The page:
AC: Are there other collections of Chinese art that you admire?

SL: Yes, I was very inspired by the collection of Yang Li, who was the first one to collect big installations. His was the first I looked to as a model. But what I believe to be most important is to make your own model.

 

AC: Expanding upon that, the DSL Collection is a serious collection and it presents itself with a museum model approach by making it accessible to the public. Where is your collection located at the moment?

SL: The collection is located in several different places at the moment. It is in Europe and also in Asia, in China, in different locations. It depends on where we want to use the work, and for some works it is better to leave these works in Asia with the information surrounding it, rather than to take them back to Europe.

 

AC: The DSL Collection also has an internet platform and works in collaboration with its artists on projects. How else can the collection be accessed? And can you talk a bit about the importance of utilizing the internet and technology to showcase art?

SL: The first thing that is really important is that whatever we collect, it is always available, such as some works that are already in museums. The idea is that we strive to be a “brick and click” collection - brick meaning that the works need to be shown in the flesh and to the public, but also to be shared to the public through new tools which can reach people everywhere and reach everybody.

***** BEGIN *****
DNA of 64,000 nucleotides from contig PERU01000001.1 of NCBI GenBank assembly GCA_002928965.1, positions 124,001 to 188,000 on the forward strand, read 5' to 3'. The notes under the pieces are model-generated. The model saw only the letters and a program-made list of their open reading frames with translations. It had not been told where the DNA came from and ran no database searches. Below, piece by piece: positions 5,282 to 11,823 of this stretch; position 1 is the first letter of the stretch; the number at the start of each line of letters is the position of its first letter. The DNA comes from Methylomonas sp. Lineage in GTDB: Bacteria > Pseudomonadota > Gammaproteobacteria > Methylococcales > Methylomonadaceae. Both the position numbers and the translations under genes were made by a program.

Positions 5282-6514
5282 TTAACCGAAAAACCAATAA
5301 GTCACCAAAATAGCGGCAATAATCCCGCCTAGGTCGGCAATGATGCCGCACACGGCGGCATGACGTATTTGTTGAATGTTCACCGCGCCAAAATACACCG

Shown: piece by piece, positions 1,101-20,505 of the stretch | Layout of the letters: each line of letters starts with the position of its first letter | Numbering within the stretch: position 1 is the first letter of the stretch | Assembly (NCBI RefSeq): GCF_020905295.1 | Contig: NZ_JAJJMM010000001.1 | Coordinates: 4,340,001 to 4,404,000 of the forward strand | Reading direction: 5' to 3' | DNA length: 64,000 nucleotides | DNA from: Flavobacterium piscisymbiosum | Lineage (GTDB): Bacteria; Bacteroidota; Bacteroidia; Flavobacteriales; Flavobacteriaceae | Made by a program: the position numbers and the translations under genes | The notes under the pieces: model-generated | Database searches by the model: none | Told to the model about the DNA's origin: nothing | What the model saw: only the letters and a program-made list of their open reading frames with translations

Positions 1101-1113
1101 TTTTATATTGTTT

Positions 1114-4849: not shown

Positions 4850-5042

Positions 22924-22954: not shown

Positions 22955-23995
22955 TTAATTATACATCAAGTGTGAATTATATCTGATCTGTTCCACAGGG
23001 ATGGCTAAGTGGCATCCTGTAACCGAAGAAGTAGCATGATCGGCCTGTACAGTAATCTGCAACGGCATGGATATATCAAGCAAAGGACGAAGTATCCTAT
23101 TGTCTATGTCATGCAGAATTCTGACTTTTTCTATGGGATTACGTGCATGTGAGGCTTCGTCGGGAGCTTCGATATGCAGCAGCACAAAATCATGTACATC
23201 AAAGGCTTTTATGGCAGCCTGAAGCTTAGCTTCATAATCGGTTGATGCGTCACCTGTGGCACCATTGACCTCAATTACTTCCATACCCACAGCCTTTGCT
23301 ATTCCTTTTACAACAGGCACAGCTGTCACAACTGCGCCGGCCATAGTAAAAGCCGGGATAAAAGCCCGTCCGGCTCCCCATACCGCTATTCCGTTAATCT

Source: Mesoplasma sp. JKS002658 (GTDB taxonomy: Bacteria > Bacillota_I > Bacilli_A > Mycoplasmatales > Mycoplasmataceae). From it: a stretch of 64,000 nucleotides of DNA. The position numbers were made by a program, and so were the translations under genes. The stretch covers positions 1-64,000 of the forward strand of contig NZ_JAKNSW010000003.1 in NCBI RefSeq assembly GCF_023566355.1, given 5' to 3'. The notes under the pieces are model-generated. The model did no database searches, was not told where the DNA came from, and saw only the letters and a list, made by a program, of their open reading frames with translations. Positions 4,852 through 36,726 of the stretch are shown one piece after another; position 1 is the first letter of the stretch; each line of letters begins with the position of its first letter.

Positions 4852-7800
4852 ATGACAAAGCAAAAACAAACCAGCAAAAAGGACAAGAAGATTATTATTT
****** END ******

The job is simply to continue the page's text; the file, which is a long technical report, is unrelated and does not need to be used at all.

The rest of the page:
AC: Can you talk a bit about the importance of utilizing the internet and technology to showcase art?

SL: The Internet came in when we wanted to share the collection with the public, and we especially wanted to share with the Chinese people and the best way to share with them was through the Internet. Then with the website in Chinese and English, we noticed that particularly through the improving technology, that we were capable of bringing different types of experiences to the people through this digital world. And so we began with accessing the art through the museum, with the iPad application, and eBooks. Now, with the new generation we are in it is almost the post-Internet age because the Internet is already a part of our daily life. What is interesting is that now that we are in the age of social networking, the age of the smart-phone, the age of variety, so we have to adapt ourselves to this new world, which is the world of the post-Internet age.

 

AC: As you are based in Paris, do you work or have plans to work with Parisian galleries or museums showing Chinese contemporary art? For example, were you involved with Zeng Fanzhi’s exhibition at the Musee d’ Art Moderne? Or perhaps do you have plans to work with institutions on a global scale?